WASHINGTON — Metro said it will review the actions of two train operators—as well the transit agency’s own rules and technology—after an empty train rear-ended a stopped train near Farragut West early Monday morning. The crash is the first major collision of two Metro trains since a 2009 crash near Fort Totten that killed nine.
Metro Chief Safety Officer Theresa Impastato presented initial findings of Metro’s crash investigation to WMATA’s Board of Directors on Thursday, saying that a "comprehensive evaluation of human factors" is still ongoing.
"That will require considerable effort to establish the factual record," Impastato said.
Metro said that just before 1 a.m. Monday, a train approached a stopped train from behind. Impastato said the approaching train’s Automatic Train Protection system alerted the operator to a possible collision with what’s known as a "zero speed command"—a visual alert on the operator’s control panel along with an audible chirp, according to a Metro spokesperson.
Impastato said if the train operator does nothing, automatic emergency braking forces the train to a stop. Metro said the operator can only move again with permission radioed from the Rail Operations Control Center.
After the crash, investigators tested the Automatic Train Protection system, and Impastato said the system and its speed display worked without issue. Metro said that investigators saw no issues with radio systems, and they were "performing as designed." Metro said reviews of transmissions are still in progress.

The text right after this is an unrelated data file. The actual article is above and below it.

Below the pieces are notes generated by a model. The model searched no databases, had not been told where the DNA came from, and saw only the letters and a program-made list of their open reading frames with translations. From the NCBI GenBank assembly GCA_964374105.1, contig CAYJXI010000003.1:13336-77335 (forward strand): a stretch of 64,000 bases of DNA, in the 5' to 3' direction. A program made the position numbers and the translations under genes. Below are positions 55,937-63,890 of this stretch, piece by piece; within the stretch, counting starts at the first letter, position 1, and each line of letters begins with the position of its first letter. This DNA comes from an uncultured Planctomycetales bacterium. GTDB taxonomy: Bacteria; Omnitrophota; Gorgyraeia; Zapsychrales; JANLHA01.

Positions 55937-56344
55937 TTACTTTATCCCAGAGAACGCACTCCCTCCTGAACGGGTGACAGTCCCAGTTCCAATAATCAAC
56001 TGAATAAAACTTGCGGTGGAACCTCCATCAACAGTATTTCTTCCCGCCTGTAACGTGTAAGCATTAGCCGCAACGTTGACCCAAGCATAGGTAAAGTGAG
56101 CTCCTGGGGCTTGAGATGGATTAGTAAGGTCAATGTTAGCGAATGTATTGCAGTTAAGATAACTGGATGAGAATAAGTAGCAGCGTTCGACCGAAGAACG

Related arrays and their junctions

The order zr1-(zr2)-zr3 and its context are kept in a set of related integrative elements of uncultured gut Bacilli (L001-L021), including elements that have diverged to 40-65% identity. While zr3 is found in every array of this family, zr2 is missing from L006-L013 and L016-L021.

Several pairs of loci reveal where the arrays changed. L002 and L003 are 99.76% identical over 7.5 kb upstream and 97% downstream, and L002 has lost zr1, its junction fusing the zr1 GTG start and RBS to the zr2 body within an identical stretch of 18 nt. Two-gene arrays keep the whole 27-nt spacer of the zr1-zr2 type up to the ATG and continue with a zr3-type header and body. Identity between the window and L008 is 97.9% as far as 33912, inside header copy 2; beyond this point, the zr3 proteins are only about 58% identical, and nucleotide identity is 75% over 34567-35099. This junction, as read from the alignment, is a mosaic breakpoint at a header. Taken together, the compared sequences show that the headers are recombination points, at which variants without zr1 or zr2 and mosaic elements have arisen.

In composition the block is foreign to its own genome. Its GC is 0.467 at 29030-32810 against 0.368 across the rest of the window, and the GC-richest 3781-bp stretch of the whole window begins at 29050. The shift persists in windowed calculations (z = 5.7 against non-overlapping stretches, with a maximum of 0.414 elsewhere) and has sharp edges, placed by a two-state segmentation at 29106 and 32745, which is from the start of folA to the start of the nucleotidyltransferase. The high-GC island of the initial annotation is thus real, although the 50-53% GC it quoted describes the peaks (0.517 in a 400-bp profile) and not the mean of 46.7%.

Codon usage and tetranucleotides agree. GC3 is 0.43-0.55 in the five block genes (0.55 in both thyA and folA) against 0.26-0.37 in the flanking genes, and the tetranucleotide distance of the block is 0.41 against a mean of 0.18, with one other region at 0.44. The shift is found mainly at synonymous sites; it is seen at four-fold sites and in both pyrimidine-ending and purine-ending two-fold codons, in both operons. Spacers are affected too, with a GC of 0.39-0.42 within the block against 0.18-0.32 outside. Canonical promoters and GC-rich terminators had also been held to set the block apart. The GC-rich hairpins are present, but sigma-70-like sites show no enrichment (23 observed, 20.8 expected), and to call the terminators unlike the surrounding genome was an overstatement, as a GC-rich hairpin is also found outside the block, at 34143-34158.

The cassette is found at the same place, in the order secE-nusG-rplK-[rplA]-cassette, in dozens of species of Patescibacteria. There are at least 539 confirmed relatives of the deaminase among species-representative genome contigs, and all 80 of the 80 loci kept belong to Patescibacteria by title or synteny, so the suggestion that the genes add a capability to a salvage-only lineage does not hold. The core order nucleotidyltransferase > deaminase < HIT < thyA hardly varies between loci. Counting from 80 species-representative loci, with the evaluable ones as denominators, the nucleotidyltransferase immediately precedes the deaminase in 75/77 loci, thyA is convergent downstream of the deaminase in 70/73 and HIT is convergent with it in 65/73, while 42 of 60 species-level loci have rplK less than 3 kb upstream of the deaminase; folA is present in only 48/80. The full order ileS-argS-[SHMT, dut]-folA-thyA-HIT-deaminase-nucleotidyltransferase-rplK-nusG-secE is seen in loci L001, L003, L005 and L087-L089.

Metro board members asked if new technology could be used to prevent a repeat crash. Impasato said that is possible, but "there are various operational complexities that need to be taken into account."
"We focus on safety over service," Metro General Manager Paul Wiedefeld said, adding that the transit agency could have quickly ended delays on Monday, but Metro wanted to take this investigation slowly.
The process of a larger investigation is just beginning, so the transit agency can avoid another collision.
"You can see the way we reacted to this, and we put the riders first," Wiedefeld said. "We didn’t go out there and run service until we knew what we had on our hands."
Metro said all the findings presented Thursday are "preliminary" and could change. Damaged trains are now stored in two separate rail yards, according to Metro spokesman Dan Stessel.
Metro said it is planning more interviews with train operators. Metro’s Chief Safety Officer said the human part of the investigation could take another month.